Or not.  You know, whatever. 

(Image shown with permission from the artist.  Find out more about Dave Loewenstein and his work right here.)

  • This book:

You should only read this book if it's an ignore-the-dishes, I-can-function-on-only-three-hours-of-sleep, I'm-sure-the-children-are-fine (wherever they are), we-didn't-need-clean-clothes, eating-supper-is-overrated-anyway kind of day.  It's hilarious and thoughtful and engrossing and I sent Shonya a half-hostile, half-thankful message for recommending this book to me and robbing me of most of a night's sleep.  I have ordered three more of Ms. Moriarty's books through interlibrary loan and may or may not have promised cookies to whichever librarian could get them for me the fastest.  

  • #blessed
This post from the Very Worst Missionary very precisely mirrors how I feel about the Christian over-/ misuse of the word "blessed."




Tuesday, November 4, 2014

Make Them Listen to You

It's election day.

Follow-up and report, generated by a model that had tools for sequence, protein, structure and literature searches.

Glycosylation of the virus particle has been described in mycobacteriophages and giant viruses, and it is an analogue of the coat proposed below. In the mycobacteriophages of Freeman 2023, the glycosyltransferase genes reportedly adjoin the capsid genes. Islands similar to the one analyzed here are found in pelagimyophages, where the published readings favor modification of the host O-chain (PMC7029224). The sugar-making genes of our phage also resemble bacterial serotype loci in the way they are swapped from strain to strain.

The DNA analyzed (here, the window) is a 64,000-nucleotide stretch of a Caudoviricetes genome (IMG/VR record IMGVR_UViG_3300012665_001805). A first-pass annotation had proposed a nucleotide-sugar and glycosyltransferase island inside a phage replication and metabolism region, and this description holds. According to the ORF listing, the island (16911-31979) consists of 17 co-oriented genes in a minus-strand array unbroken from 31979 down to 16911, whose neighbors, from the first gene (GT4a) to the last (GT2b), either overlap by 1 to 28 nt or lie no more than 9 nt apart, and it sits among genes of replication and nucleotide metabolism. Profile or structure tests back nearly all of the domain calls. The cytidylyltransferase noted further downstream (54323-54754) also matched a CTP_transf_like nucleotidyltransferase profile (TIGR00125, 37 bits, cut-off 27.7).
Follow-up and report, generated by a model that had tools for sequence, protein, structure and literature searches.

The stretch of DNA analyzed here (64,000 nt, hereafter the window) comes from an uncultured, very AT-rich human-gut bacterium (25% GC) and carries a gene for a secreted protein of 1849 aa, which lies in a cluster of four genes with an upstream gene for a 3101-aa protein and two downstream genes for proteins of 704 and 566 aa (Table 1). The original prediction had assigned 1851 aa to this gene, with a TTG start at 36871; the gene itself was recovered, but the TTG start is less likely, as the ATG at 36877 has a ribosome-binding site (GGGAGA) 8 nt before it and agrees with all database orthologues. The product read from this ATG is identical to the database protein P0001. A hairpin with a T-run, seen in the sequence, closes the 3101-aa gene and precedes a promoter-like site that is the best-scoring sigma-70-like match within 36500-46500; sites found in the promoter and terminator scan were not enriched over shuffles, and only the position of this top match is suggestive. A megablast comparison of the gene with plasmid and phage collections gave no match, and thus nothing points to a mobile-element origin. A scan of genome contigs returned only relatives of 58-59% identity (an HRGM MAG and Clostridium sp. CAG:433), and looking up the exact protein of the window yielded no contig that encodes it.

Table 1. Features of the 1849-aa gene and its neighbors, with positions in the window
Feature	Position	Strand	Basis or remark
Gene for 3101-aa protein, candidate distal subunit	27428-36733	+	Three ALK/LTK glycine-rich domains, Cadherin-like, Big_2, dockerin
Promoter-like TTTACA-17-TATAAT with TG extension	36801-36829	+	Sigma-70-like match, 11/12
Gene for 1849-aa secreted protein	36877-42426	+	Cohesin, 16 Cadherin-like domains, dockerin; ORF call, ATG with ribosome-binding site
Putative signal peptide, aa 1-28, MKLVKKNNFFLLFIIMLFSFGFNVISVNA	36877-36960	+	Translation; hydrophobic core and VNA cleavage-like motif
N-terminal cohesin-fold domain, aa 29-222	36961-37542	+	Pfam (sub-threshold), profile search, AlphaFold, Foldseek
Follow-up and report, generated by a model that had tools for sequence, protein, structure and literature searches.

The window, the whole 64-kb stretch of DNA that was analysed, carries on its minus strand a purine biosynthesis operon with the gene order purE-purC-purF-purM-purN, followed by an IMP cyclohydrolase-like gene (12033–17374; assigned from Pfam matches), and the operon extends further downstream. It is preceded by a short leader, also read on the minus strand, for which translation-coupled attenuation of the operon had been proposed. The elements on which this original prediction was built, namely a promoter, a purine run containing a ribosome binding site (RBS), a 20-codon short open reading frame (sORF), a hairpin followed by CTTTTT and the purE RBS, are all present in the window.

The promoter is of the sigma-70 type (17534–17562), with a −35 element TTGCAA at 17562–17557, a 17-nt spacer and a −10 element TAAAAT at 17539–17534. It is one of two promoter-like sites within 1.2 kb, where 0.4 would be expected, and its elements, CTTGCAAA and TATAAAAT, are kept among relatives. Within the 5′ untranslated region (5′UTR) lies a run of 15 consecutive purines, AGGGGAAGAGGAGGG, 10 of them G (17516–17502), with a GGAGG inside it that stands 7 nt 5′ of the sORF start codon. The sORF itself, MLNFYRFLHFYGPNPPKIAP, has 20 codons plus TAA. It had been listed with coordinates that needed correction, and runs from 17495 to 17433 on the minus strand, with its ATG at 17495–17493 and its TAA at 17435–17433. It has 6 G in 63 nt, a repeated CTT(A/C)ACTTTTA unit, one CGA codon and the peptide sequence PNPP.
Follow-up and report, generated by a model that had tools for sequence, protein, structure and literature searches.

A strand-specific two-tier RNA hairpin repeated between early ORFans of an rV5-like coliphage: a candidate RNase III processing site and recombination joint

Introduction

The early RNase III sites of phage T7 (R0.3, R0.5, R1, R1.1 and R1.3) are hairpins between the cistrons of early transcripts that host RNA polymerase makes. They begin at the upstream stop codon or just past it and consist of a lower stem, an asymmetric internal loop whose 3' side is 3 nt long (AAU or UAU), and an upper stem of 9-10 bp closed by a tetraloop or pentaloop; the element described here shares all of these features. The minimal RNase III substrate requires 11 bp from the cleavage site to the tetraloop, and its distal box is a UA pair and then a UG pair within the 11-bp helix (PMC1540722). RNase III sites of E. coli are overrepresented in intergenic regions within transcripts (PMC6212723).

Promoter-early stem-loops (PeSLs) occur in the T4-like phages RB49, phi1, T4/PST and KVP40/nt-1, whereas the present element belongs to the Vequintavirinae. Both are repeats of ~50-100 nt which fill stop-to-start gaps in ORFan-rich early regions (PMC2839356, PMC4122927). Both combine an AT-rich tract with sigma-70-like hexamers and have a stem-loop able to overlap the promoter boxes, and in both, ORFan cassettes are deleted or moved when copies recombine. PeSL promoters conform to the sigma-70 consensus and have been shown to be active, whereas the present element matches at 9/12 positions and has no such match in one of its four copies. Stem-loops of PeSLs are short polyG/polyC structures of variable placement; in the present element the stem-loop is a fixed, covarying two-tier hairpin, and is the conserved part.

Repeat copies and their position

Adelaide has been asking more and more about elections, the political process, etc, and I was happy to hear her interested and questioning until a couple weeks ago when she off-handedly said, "I don't think I'll ever vote."  

I took a deep, deep, deeeeep breath, and although my nostrils may have been flaring while I did so, that was the only part of me I allowed to have its way; the rest I kept admirably under control, and very calmly told her, "Huh.  Maybe you should have been born a hundred years ago," (a continuation of an ongoing conversation we have on what era we believe we would have thrived in).  She asked me why, and I explained that women weren't allowed to vote at that time, so she would have fit right in!  Exclamation Point!  

When she then questioned just why women weren't allowed to vote, I said, "Oh, didn't you know?  Women aren't smart enough to vote!  They- you and me, haha!- simply don't have the proper intellect or decision making skills needed to have a say in who runs our government."